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    HTS Theological Studies

    Print version ISSN 0259-9422

    Herv. teol. stud. vol.64 no.3 Pretoria July/Sept. 2008

     

    BOEKBESPREKINGS / BOOK REVIEWS

     

     

    Raheb, M 2004 - Bethlehem besieged: Stories of hope in times of trouble
    Publisher: Fortress Press, 2004. 157 Pages. Price: US$15.00
    Reviewer: Prof Dr Dorothy Jean Weaver (Eastern Mennonite Seminary - Harrisonburg, USA)

    This is a book aptly titled and poignantly written. Bethlehem was in 2004 and is today a city under siege. A large sign at the entrance to Bethlehem proclaims "Peace Be With You" in English, Hebrew, and Arabic, from the "Israel Ministry of Tourism". But the sign is a visual absurdity, painted as it is right next to a tall and menacing guard tower in the 8-meter-high concrete wall surrounding Bethlehem and imprisoning its residents. Bethlehem is indeed "besieged"; and the residents of Bethlehem clearly live in "times of trouble".

    But Pastor Mitri Raheb of Christmas Lutheran Church is a man of profound Christian hope and deep vision for the future. So while he depicts the "times of trouble" in Bethlehem in vivid detail, he does not stop there. Instead, Raheb's ultimate goal is to point beyond the ubiquitous and ugly "trouble" of present-day Bethlehem toward emerging signs of "hope". And it is this word of courageous hope, spoken into a world of bitter despair, which is the ultimate and remarkable gift of Raheb's book.

    In the "Preface" Raheb writes (p vii): "I am not sure if it is my destiny to write books during difficult times. But writing in such a context becomes an act of nonviolent resistance: resisting being silenced, resisting being a spectator, and resisting giving up." Raheb's "nonviolent resistance" takes the form of vivid storytelling, as he recounts dramatic events from the Second Intifada and everyday challenges associated with the ongoing Israeli occupation.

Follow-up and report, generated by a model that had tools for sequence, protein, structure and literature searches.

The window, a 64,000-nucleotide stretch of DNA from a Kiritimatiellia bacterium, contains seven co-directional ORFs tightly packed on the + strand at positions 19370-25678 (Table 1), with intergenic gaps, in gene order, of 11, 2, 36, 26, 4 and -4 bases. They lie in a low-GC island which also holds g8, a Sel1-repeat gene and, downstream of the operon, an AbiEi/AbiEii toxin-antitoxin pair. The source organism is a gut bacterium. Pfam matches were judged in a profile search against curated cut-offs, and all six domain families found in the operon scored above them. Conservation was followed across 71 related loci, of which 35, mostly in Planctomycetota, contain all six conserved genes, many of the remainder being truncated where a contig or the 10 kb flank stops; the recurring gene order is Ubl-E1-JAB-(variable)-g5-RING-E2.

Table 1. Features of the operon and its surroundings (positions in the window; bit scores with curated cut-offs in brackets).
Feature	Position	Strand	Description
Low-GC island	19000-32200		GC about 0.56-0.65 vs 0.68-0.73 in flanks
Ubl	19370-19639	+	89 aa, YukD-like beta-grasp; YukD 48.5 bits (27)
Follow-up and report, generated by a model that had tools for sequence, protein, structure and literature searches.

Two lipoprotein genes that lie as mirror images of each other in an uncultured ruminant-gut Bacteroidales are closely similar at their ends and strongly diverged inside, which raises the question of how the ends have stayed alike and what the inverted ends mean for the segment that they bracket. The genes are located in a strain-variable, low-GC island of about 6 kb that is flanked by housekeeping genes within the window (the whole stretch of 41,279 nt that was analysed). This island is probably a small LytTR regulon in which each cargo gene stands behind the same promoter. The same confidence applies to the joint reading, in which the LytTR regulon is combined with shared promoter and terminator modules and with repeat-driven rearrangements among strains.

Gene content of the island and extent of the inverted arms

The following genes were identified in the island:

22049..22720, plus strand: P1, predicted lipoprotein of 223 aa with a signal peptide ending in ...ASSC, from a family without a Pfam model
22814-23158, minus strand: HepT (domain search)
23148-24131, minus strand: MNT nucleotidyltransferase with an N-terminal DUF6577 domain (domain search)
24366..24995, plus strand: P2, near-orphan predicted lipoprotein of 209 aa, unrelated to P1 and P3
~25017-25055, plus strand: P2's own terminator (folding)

In part one ("Under siege") Raheb draws his readers into the terrifying days of April 2002, as Israeli tanks rolled into Bethlehem and positioned themselves near the Lutheran compound. Raheb recounts the sheer terror of deafening and deadly gun battles waged at close range (chapter 1, "A monk at the compound"). He depicts the kindness of a Franciscan priest in the besieged Church of the Nativity toward a Hamas soldier taking refuge there (chapter 3, "Father Amjad and Muhammad under siege") and the courage of Lutheran parishioners who defy an Israeli curfew to attend Sunday worship (chapter 5, "Obeying commands or commandments"). And Raheb includes a sermon, preached at Christmas Lutheran shortly after the lifting of the Bethlehem siege, which passionately denounces warfare (chapter 4, "Though war rise up against me").

    But surely most riveting is the extraordinary account of Raheb's close encounter with Israeli soldiers who invaded the Lutheran compound and held him hostage in his office as they carried out massive destruction on the premises (chapter 2, "Challenging yet transforming the enemy"). Here the depth of Raheb's eirenic spirit and the courage of his conviction become visible in his persistent and fearless attempts (p 23) to "engage them in a dialogue" that would "penetrate to their humanity" and "challenge them to see my humanity."